THE GEOPARK WAY. Bewdley to Great Witley.

The River Severn.

Thur. 11th July.

Looking to make life easier in this heat I decided to use The Severn Way from Bewdley to Stourport instead of the more tortuous Geopark. At least it being a named trail along the river there should be no problem with overgrown paths.

The waymarking on the Geopark Way  has been good to sporadic and a careful reading of the guide along with the OS maps is needed to follow it easily. The logo on the waymarks is a stylised image of a trilobite fossil from the Silurian Period, I never found one [a fossil that is] on the way.

A quiet stroll along the river, with few people about but lots of semi residential caravan parks in close proximity. This area is the escape route from the midlands. Green woodpeckers were flying from tree to tree. Soon I was walking into Stourport where The Staffordshire and Worcester Canal  [1771 – James Brindle] appears joining the Mersey and the Trent to the Severn. This canal and its extensive basins established Stourport as a major port, making Bewdley redundant. Sarsons Vinegar was one of the industries benefiting from it. It was fascinating to wander around the old basins with their present day boats and the associated warehouses all connected by a complicated series of locks. Genuine industrial heritage.

But why, oh, why Stourport have you allowed one of the basins in the middle of all this heritage to be used as Treasure Island Pleasure Park? I’m not snobbish about these places but surely there was somewhere else to locate it!!!

Made a hurried retreat across the river to escape [what must it be like in the school holidays] Along the river bank you come across Redstone Rock, a soft sandstone cliff that has been excavated in the past, 16th century, to create an hermitage. Unfortunately you can’t gain access to the interior now.

Redstone hermitage.

Moving away from the river I seemed to go astray but found myself on a minor road that led to Larford Lake, a popular commercial fishery which looked very attractive with its water lily beds. Not bad for 10 quid a day.

I was getting hot and tired by now and glad to reach and follow the river bank to arrive at The Hampstall Inn at The Burt. A pleasant place on the riverside. Further on the route followed a side stream, Dick’s Brook, hard to believe this had once been navigable, as a canal with locks, to an iron furnace and forge.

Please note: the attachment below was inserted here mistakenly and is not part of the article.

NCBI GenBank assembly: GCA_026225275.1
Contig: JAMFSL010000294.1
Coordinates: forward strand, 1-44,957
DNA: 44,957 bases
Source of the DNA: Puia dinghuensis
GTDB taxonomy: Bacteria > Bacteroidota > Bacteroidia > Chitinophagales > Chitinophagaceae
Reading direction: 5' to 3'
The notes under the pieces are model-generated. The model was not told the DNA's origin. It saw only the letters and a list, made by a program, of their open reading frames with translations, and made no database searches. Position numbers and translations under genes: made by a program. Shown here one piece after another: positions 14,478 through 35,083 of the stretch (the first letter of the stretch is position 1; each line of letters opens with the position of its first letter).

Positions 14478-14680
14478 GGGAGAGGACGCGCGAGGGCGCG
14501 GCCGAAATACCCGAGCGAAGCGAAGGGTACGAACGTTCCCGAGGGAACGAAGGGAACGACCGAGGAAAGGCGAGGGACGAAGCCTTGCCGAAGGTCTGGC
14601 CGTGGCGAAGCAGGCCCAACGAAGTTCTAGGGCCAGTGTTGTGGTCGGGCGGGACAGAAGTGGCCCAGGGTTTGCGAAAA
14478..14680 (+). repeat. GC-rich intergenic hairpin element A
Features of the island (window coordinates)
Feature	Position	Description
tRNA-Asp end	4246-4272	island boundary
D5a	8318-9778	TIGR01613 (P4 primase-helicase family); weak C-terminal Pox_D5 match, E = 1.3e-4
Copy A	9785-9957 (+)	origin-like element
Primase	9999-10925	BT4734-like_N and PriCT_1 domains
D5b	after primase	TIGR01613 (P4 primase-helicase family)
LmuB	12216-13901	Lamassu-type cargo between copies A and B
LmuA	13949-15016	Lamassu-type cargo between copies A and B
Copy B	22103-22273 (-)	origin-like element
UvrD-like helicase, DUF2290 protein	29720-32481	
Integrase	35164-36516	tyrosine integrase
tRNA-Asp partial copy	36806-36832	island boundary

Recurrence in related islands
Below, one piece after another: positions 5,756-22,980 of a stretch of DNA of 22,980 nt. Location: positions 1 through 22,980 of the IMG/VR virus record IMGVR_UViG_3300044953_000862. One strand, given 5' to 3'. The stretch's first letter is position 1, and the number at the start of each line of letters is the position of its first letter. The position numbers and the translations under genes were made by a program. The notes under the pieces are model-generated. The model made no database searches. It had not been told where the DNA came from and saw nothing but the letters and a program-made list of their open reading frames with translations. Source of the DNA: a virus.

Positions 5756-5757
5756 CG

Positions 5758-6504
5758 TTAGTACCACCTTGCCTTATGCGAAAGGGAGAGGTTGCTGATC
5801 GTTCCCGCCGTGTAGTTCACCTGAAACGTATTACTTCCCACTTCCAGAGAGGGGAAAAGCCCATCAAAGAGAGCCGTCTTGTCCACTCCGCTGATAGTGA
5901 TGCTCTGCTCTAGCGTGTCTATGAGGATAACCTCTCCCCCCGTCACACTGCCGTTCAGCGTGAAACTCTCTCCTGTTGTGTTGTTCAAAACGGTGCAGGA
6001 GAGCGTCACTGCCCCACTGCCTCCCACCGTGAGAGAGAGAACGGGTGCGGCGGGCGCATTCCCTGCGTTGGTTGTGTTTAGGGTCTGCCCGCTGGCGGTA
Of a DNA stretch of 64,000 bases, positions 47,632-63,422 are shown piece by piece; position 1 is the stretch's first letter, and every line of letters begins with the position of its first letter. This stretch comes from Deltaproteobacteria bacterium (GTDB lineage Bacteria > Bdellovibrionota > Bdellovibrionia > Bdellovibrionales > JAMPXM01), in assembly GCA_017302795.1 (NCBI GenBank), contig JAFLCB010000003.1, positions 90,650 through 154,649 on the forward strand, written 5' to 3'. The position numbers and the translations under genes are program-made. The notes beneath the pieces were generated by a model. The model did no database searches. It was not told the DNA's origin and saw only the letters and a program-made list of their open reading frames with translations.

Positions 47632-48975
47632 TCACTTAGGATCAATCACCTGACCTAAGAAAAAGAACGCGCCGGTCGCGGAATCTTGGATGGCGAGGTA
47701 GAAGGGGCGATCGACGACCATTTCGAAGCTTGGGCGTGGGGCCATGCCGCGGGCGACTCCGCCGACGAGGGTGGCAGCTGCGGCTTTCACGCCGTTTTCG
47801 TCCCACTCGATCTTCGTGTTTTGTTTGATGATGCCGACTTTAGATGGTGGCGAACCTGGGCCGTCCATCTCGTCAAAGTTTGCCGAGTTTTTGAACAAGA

Dick’s Brook.

Continuing in the same line I arrived at the retreat of Glasshampton Monastery which was originally the stables of the manor which was burnt down twice. Careless!

Glasshampton monastery.

Across the hillside could be seen the church of St. Peter’s at Astley. This proved to be of great interest with a lovely sandstone exterior and an interior with many religious relics.

Tombs of the Blounts.

Interesting barrier at the church gate – didn’t have time to wait till evening.

From Astley steady climbing in the heat of the afternoon gained the ridge of Abberley Hill at the limestone quarry of Shavers End. It was not possible to see directly into this quarry and as there seemed to be some police activity in the area I continued on along the way below the ridge. I was climbing up and down in trees most of the way so views were limited and orientation difficult. I knew I had to leave the ridge before the end to reach my, off route, evening destination. With a maize of paths to choose from I was lucky to choose one that descended out of the woods into open fields. From on high I got my first glimpse of the Malvern Hills and also the continuation of today’s ridge for the morning.

Distant Malverns.

The fields luckily led directly down to the road at my hotel – The Hundred House. This place was rather behind the times but my room was comfy, the food good and the staff friendly. The hotel needs some care and attention -but that costs money. The hotel name dates from centuries ago when  the building was used as the collecting house for the tithes gathered from 100 districts in the county.

In the bar at night got chatting to a visiting worker who turned out to have a house in the Lot Valley in France from which I’d just returned. [see post]
Remarkably we knew a lot of mutual friends from the area and share a love of our favourite café in Duravel.  Small world!

The Hundred House.

A long but interesting day.

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